Concerns over US life insurance company Lincoln National’s exposure to commercial real estate have prompted two hedge funds to wager that the company’s bonds will fall, or that its default risk will increase, according to a report by Reuters.
Concerns over US life insurance company Lincoln National’s exposure to commercial real estate (CRE) have prompted two hedge funds to wager that the company’s bonds will fall, or that its default risk will increase, according to a report by Reuters.
The report cites Mill Hill Capital as revealing that in the past few months it has taken short positions in Lincoln National’s credit, while according to an unnamed Reuters source with knowledge of the matter, Saba Capital has held the firm’s credit default swaps, a derivative that offers investors protection against a default.
With post-pandemic hybrid working arrangements leading to an increase in office vacancies, and higher interest rates now making debt repayment more challenging, investors have been alerted to potential losses in the CRE sector.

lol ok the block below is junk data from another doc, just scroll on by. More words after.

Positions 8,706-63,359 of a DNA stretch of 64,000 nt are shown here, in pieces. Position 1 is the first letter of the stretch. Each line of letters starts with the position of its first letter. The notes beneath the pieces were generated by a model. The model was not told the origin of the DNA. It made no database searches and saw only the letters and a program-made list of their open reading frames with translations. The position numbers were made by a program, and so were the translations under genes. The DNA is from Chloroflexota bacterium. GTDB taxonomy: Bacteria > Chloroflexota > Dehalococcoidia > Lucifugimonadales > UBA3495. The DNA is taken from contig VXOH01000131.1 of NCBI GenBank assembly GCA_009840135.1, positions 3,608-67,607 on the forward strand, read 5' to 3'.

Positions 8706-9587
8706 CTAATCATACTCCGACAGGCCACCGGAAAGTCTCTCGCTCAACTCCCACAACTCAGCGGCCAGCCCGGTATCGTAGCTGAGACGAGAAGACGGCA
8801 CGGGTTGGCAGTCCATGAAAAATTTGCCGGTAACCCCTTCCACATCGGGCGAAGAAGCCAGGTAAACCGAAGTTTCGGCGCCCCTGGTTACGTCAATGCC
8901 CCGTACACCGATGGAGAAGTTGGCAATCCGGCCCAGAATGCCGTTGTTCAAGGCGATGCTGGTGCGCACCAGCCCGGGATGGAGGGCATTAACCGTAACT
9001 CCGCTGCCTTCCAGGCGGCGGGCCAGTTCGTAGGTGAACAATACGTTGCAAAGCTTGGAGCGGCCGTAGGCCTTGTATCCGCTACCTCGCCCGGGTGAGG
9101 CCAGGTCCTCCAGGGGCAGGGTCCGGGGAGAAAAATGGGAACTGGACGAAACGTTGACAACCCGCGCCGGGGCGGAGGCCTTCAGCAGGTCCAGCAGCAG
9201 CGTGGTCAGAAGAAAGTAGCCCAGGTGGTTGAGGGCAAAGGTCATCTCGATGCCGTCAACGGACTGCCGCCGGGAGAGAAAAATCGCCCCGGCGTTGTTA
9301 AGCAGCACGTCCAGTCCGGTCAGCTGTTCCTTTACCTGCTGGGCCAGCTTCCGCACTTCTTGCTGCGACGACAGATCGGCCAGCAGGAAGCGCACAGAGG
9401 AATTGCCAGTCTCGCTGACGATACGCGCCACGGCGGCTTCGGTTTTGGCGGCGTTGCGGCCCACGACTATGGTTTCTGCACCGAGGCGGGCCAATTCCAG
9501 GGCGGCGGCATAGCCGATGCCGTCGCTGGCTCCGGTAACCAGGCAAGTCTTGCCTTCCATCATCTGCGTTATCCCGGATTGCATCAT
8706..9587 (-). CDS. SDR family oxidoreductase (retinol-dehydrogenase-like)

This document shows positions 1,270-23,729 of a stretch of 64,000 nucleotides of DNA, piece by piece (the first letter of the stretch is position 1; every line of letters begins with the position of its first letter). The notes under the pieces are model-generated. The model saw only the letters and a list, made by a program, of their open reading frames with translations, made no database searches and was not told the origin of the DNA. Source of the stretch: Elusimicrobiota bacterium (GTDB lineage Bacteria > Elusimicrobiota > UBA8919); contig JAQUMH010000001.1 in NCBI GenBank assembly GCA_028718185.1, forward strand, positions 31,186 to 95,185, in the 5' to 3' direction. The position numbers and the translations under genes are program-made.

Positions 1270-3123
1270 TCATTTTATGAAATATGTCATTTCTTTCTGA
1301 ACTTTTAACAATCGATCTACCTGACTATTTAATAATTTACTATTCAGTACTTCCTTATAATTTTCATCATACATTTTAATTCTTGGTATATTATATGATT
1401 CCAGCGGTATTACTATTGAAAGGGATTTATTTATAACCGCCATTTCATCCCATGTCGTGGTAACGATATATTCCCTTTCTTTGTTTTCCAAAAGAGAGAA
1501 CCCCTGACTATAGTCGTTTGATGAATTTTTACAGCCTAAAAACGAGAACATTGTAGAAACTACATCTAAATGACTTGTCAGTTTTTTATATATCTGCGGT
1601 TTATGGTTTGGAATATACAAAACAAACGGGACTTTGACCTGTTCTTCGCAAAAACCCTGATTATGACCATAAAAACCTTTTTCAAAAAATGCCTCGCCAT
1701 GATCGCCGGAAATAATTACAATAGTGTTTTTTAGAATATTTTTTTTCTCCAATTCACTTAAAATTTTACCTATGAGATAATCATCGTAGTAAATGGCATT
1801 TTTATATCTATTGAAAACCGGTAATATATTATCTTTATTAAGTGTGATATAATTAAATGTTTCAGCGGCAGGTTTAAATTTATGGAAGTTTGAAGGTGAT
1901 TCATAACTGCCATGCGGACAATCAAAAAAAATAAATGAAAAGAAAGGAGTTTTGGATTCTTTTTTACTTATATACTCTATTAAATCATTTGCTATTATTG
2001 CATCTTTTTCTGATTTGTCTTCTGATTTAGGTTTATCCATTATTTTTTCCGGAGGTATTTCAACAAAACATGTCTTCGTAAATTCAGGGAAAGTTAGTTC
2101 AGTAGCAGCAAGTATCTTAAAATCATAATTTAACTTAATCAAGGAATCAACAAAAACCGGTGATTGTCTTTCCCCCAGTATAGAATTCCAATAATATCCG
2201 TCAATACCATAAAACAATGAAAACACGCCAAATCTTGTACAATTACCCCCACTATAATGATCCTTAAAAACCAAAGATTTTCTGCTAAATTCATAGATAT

While Fitch Ratings, one of four agencies providing an investment grade rating for Lincoln Hill, considers the company’s CRE exposure to be modestly below-average compared with the industry, while its quality is materially stronger, Mill Hill is speculating that there could be losses in the company’s CRE portfolio, which he could lead to a rating downgrade. The hedge fund first bet against Lincoln National’s credit in the second half of 2022, and has since added to its short position.
Reuters quotes Mill Hill’s Chief Investment Officer as saying: “The real challenge for the management team is how to navigate realized losses that will inevitably trickle in, especially with their CRE assets.”